Stress would be less with a six-term year, say teachers

31 May 01
Four out of five head teachers back calls for a two-week school break in October to reduce stress among teachers and pupils, according to research by the Local Government Association.

01 June 2001

A longer break replacing the autumn half-term holiday would help reduce sickness and absence levels, they say.

Seven out of ten heads also want a fixed 'spring break' to replace the Easter holiday, irrespective of whether Easter falls within it. The commission's suggestion that examinations should be taken in April, so pupils can apply to university with real rather than predicted grades, was backed by seven out of ten heads.

These findings, published on June 1, are the result of an LGA consultation exercise. They follow its independent commission into the patterns of the school year, which published its initial conclusions last September. The LGA received 2,700 responses from heads, teachers, governors, parents and pupils.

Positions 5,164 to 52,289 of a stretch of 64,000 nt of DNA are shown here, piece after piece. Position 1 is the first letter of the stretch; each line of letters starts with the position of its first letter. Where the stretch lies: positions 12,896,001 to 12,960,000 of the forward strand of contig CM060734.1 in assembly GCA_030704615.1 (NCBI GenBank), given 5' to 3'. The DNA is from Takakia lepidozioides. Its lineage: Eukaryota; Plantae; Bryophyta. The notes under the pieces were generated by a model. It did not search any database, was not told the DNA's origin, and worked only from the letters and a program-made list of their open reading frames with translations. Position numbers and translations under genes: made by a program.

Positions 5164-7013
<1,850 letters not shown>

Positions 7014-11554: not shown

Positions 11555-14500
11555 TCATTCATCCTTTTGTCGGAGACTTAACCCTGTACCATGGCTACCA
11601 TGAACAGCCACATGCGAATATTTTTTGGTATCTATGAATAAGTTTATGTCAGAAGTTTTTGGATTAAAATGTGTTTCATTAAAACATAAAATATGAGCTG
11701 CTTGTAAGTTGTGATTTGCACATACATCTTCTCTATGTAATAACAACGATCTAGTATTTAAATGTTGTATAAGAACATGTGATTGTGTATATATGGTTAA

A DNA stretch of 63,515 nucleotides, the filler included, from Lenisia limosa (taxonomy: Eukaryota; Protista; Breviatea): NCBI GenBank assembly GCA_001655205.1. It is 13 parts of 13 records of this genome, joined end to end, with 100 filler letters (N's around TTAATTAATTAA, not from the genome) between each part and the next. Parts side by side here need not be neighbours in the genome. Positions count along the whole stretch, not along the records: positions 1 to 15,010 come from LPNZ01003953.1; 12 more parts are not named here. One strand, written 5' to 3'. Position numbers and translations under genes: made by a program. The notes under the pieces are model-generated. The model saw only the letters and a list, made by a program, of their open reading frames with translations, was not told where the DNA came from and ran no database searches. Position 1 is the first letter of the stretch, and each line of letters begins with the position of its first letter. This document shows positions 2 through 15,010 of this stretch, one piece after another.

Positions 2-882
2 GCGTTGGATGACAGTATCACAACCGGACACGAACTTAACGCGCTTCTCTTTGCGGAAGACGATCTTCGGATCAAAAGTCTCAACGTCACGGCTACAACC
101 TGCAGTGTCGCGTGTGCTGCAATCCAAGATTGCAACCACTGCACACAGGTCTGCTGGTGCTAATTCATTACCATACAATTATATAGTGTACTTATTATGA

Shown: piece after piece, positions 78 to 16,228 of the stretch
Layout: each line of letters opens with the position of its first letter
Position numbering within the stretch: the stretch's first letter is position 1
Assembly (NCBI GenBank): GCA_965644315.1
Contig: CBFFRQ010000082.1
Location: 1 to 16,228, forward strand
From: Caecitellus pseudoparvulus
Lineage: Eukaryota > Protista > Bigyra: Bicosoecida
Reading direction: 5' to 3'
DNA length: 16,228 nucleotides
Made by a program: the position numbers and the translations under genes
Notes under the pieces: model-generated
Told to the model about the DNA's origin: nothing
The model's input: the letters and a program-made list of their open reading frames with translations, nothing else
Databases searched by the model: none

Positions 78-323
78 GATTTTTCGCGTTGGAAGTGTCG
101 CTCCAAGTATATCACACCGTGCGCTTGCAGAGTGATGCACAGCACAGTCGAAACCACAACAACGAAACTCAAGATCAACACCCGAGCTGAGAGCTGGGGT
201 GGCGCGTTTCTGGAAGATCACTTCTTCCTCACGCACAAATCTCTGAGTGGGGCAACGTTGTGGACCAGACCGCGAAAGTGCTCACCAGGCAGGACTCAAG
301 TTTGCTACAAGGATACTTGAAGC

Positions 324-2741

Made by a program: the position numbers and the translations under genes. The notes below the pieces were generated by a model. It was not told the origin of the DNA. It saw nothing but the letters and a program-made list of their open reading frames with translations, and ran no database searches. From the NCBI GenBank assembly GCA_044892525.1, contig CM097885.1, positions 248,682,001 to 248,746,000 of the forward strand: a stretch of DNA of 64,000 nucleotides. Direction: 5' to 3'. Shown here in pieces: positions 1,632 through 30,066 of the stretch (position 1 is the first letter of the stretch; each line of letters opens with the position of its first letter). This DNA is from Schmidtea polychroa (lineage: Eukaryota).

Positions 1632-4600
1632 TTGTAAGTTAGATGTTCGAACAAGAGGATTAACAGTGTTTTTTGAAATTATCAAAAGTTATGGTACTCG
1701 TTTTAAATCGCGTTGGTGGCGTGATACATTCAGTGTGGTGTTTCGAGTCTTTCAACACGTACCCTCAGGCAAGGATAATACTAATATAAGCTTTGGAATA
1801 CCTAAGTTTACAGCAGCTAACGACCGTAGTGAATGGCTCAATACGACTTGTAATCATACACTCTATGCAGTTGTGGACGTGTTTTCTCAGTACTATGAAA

The commission, headed by former MP Christopher Price, recommended moving to a six-term school year, with the final term reserved for cultural activities, and the summer holiday moved forward to run from the start of July to August.

Price welcomed the findings: 'I believe the results show we struck the correct balance.'

But the Board of Deputies of British Jews criticised the effects the proposals would have on the Jewish community. Marlena Schmool, its community issues director, said: 'Jewish children in non-Jewish schools will inevitably be disadvantaged if they have to miss or make alternative arrangements for examinations that fall during Passover.'


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